But there are other ways to impact care in order to decrease the care that is not necessary, protect the patient from potentially inappropriate care, and also respect the joint patient doctor decision-making process. In my career, I have worked to build techniques that attempt to impact that decision making between a doctor and a patient in ways that do not require the type of micromanagement and approval and denial from afar that is depicted in the ‘Denied” report. I know it can work.
Early in my career, I was involved in starting a program that, in dealing with what looked like inappropriately long hospital stays, rather than deny payment, would deliver “Get Well” cards to people when they were admitted to the hospitals. The cards said that we, the insurance company, hoped they would get well soon and that if all went well, based on best practice standards, we expect that they would only need to be in the hospital for 3 days (as an example). The card went on to say that if more time in the hospital was needed, their insurance would cover the additional time so they should not worry. This simple card decreased our length of stay average because it changed the conversation between the doctor and the patient. It created a dynamic in which if the doctor wanted to keep the person in longer, the patient would ask why. That conversation was healthy, and moved people more towards a model of shared decision making and also fulfilled the fiduciary responsibility to hold costs to only those services which were necessary. It used communication and positive influence rather than policing and regulation.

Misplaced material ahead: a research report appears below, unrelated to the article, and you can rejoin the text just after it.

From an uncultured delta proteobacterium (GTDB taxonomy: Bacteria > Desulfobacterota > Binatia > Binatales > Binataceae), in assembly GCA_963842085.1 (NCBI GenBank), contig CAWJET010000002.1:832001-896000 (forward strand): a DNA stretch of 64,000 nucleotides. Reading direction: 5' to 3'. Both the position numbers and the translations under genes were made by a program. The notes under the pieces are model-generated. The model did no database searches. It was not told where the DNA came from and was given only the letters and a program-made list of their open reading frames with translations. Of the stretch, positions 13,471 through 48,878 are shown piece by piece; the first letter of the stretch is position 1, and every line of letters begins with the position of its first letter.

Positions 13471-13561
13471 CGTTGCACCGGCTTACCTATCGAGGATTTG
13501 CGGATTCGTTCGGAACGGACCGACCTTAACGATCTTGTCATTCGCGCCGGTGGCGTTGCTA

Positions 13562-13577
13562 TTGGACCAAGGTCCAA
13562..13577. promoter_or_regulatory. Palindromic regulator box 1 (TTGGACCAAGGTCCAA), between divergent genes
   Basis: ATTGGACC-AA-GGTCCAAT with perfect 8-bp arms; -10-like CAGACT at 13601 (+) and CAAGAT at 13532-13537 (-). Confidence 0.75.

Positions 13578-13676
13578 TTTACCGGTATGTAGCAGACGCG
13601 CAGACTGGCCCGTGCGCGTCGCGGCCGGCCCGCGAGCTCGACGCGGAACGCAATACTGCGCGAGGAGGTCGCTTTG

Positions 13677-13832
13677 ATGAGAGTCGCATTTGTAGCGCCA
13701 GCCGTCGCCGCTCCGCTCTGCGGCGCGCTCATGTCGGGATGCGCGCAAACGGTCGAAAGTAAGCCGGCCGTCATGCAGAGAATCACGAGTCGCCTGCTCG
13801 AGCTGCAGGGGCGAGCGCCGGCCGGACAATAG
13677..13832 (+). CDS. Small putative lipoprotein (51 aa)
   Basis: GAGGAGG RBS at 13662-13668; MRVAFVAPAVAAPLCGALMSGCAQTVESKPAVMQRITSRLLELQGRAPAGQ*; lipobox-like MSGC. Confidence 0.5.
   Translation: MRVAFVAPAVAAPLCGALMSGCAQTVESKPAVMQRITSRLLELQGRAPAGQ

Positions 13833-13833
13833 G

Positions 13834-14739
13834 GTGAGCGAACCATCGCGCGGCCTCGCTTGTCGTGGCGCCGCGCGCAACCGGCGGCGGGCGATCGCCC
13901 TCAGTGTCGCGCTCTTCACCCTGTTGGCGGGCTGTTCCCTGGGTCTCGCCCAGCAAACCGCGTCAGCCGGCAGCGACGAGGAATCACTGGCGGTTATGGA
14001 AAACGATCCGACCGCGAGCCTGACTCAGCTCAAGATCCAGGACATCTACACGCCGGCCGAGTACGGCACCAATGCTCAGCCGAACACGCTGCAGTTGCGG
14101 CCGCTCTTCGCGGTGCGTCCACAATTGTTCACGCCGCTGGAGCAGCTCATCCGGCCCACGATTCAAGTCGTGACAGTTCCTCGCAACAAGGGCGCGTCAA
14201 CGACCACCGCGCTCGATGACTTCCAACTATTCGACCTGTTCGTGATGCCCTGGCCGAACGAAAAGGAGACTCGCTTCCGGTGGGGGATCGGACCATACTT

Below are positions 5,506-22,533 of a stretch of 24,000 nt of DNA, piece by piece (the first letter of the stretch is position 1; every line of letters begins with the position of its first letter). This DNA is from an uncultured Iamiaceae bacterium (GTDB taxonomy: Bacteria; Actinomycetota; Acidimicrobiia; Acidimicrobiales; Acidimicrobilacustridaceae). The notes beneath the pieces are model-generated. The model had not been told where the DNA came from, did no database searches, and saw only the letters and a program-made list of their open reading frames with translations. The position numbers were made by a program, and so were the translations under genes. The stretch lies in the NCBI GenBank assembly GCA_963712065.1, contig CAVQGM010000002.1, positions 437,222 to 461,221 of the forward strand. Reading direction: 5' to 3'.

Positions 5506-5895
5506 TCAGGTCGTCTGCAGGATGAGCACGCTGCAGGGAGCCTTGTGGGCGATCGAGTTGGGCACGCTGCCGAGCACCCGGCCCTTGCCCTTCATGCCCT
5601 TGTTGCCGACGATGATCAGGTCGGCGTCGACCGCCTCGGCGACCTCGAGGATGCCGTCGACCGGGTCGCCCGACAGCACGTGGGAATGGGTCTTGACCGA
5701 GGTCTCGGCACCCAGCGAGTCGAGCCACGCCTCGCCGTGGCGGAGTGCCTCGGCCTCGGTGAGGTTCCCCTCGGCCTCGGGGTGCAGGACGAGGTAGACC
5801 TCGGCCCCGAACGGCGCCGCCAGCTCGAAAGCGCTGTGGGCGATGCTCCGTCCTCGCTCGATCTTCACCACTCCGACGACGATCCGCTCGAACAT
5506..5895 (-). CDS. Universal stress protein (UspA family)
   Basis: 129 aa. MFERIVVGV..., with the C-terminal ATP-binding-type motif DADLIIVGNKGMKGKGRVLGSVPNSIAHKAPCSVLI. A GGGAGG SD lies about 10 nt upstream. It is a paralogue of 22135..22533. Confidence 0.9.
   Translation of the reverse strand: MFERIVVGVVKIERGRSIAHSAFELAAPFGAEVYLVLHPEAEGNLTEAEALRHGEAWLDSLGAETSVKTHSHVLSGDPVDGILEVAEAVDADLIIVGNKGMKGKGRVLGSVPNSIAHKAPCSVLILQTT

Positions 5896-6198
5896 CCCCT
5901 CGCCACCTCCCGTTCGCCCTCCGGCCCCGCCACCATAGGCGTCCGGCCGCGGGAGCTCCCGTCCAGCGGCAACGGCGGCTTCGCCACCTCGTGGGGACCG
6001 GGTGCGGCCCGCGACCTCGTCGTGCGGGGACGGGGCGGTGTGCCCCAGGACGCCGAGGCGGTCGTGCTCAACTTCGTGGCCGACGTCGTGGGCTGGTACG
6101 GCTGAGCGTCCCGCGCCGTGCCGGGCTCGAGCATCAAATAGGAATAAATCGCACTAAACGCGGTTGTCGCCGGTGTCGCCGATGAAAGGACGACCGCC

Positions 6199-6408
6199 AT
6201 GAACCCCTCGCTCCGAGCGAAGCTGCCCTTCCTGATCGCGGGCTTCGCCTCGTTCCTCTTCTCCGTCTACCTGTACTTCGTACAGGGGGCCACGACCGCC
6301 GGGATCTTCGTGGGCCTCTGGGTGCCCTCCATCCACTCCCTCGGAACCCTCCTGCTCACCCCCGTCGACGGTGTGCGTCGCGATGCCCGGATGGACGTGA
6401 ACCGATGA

It was one example of attempting to help influence people towards making their own best decisions in partnership with their doctors and nurses. It did try to positively influence the conversations to help the joint decision making improve, but did not attempt to police the ultimate decision made.
At Accolade, we have built a model which decreases unnecessary care, decreases admissions to the hospital, and decreases readmissions while never needing to say “no” to care. We accomplish this even in mental health care where our data show that we increase outpatient visits, decrease hospitalizations, and lower overall costs. We do this by using trust and positive influence, and by recognizing and addressing the impact that heightened emotions, which almost always accompany illness, have when doctors and patients attempt to make good decisions for themselves and the people they love. We do this by forming a trust bond between that person in need and their Health Assistant and then educating him or her to the medical options available. In this way, the right knowledge is available at the right time. That leads to better shared decision-making.
Our goal is always to improve the decision making but not to make the decisions for the doctor and the patient. Our goal is to help people through the confusion of illness and not to police them and to tell them what to do. We never want to hear anyone say, as the mother of a young woman who died from an eating disorder after being discharged from the hospital said on 60 Minutes, “the insurance company overruled the doctor.”
Insurance companies must maintain their duty to make sure that insurance premium dollars, whether they are paid by individuals, corporations, or government are used wisely, but that does not have to be done by second guessing difficult individual decisions made by a doctor and a patient and subsequently denying payment for the sickest patients. There is a better way.